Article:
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Doctor develops new glaucoma treatment

Ophthalmologist Arnold Prywes’ tiny revolution — Xen Gel Stent, a miniscule stent that promises to transform glaucoma treatment — finally comes into full view.

When Arnold Prywes, MD, chief of the glaucoma service at Northwell Health, first dreamed up an idea for a device to save the vision of people with glaucoma, he knew it could be a game-changer. But he could never have guessed a quarter century would elapse before he would see the device he imagined approved and in use in our area.

That device, the Xen Gel Stent, is both tiny - it's a tube about 6mm long, and 150 microns wide (the width of a human hair) - and mighty, with the power to make glaucoma treatment far less invasive than the typical surgical intervention. Last year, Dr. Prywes performed the procedure on a glaucoma patient at Syosset Hospital.

Dr. Prywes applied for a patent on his invention in 1991, then waited eight years for the U.S. Patent Office to grant it. Patent in hand, he began a search for a company willing and able to manufacture the device. "I went to just about every company involved in glaucoma treatment, and no one was interested," he says. Finally, in 2006, he got a call from a company in Georgia called the Innovation Factory. "They were in the market for intellectual property, for ideas that presented solutions to significant problems." He sold them the patent and they formed a separate company named AqueSys, Inc., to manufacture the stent. After burning through millions of dollars and many prototypes, the Xen Gel Stent was born.

But that wasn't the final hurdle. Next came clinical testing and Food and Drug Administration (FDA) approval, which wasn't granted until late 2016. (The stent was approved for use in Canada in 2015 and Europe in 2014.) Approval is one thing - cost is quite another. The device itself and the surgeon and hospital fees put the Xen Gel out of reach for many patients without coverage by insurance companies.

The best news? That final roadblock has just been cleared: As of March of this year, Medicare will pay for the procedure in New York.

A better way becomes clear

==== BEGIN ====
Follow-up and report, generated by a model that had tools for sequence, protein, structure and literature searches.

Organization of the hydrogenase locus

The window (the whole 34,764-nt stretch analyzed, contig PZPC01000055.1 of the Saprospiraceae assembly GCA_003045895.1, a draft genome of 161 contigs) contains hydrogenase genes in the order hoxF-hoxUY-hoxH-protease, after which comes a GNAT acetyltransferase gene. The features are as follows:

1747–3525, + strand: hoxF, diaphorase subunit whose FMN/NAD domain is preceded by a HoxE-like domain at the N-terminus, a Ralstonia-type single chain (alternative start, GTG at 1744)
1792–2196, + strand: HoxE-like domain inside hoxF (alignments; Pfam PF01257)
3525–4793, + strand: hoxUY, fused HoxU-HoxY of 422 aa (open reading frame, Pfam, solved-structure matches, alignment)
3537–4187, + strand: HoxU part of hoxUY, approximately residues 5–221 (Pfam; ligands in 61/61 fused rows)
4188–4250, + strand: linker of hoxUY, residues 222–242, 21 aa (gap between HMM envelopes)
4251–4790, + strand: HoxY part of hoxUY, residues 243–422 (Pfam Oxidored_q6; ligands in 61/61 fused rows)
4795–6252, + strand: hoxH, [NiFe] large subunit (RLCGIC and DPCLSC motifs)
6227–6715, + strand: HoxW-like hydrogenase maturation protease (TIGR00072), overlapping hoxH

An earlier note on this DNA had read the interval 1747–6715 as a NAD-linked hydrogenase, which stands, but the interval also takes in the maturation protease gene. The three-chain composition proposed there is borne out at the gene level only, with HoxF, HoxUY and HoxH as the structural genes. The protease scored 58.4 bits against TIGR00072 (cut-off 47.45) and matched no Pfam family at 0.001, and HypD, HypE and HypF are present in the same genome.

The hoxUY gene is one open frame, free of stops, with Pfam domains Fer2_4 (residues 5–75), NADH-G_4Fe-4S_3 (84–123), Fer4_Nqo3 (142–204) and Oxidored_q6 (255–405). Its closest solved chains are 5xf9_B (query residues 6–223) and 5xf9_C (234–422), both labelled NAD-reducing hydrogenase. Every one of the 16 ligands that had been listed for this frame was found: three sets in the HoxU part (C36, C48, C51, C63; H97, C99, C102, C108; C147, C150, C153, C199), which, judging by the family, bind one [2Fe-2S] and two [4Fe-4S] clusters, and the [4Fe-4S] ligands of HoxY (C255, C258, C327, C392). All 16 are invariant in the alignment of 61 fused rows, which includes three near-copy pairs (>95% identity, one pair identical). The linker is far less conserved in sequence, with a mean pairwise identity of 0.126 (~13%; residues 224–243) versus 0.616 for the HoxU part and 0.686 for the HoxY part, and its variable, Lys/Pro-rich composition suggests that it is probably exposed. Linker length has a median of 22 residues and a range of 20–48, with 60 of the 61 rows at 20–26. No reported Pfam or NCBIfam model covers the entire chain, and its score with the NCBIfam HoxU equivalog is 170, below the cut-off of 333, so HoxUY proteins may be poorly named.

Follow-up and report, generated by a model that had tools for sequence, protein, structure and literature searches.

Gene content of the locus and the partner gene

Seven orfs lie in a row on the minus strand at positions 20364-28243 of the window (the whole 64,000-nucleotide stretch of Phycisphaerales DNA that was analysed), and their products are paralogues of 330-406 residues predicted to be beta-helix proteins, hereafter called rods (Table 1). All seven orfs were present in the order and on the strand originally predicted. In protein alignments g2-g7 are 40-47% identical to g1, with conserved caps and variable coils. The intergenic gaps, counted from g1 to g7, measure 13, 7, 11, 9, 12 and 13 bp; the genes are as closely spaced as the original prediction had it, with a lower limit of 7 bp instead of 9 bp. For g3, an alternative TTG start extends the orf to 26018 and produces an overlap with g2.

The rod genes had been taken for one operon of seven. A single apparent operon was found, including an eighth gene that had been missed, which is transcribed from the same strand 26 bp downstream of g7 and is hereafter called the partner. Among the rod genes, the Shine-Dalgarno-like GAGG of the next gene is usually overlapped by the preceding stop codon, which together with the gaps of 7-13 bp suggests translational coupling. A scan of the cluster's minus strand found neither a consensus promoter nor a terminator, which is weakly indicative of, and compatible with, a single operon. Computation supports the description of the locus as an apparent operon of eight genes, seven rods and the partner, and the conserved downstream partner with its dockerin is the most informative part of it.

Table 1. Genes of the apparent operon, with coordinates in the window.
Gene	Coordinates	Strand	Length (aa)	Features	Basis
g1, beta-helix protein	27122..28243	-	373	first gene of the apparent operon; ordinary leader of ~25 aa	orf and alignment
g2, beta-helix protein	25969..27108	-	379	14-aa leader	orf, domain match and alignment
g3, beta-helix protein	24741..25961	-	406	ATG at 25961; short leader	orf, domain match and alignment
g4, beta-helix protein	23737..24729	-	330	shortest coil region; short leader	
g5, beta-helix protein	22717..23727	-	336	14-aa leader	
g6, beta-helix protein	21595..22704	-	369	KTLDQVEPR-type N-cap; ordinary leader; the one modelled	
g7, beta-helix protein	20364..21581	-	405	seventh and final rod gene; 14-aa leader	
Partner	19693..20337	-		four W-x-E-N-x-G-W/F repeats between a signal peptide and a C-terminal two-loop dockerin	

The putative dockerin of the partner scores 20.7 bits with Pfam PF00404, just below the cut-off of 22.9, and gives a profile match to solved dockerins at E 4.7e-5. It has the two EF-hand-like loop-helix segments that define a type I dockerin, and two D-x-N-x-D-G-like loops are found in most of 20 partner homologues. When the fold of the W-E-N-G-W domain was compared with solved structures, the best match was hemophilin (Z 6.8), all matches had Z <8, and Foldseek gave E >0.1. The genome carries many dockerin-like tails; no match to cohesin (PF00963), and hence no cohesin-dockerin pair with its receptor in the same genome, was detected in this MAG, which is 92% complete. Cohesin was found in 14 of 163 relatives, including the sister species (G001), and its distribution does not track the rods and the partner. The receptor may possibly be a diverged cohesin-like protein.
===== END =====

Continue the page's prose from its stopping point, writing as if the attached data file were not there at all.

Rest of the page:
Though there are topical medications and laser procedures to treat glaucoma, surgery is the ultimate option once meds stop working, says Dr. Prywes. The standard procedure is a trabeculectomy - a delicate, invasive surgery that commonly requires a skilled glaucoma specialist to perform. Once the procedure is done, the wound must be sutured closed and drugs administered to keep scar tissue from forming.

Other procedures involve placing a shunt, but that, too, is a tricky operation and can lead to other problems, like double vision. Surgical solutions to glaucoma, says Dr. Prywes, "involve a lot of skill, a lot of time and intensive post-operative care. Usually they are successful In 50 to 70 percent of patients."

By contrast, the procedure to place the Xen Gel Stent takes 10 minutes, requires no suturing or general anesthesia and is straightforward enough to be mastered by comprehensive ophthalmologists. Patients also avoid post-operative problems like a reaction to anesthesia.

Dr. Prywes is now, at long last, realizing his vision to perform the procedure to save vision. On a 2014 trip to the Dominican Republic to perform the procedure and train other physicians in its use, he was moved nearly to tears to witness his original idea treating glaucoma in the way he imagined: simply, cleanly and successfully. "We operated on people and, when we came back the next day, it was like they'd never had surgery," he says.

In the meantime, AqueSys, Inc., the company that manufactured the stent, was bought by pharma giant Allergan, Inc. They allowed his original patent, which had been active for 17 years, to expire. "That means I don't get any royalties," he laughs. "But luckily I haven't given up my day job. And I never did this to make money. I did it because I perceived we could do something better, and we have."

Picture a balloon: Understanding glaucoma

To grasp how revolutionary the Xen Gel Stent is, you first have to understand glaucoma. And to do that, it's helpful to think of the eye as a balloon. Imagine, explains Dr. Prywes, a balloon being blown up. Pressure from the air inside the balloon prevents it from collapsing in on itself. Keep adding too much air without any escape valve, and…well, you get it. "Inside your eye, fluid is made and is also allowed to drain to the outside, a balance that keeps the eye physiologically intact."

In glaucoma, which affects about three million people in the United States, that fluid balance is out of whack. As a result, intraocular (inner eye) pressure builds. Over time, this damages the optic nerve, which brings visual information to the brain for processing. Untreated, glaucoma can lead to blindness. But now patients can look into a new treatment, thanks to Dr. Prywes.

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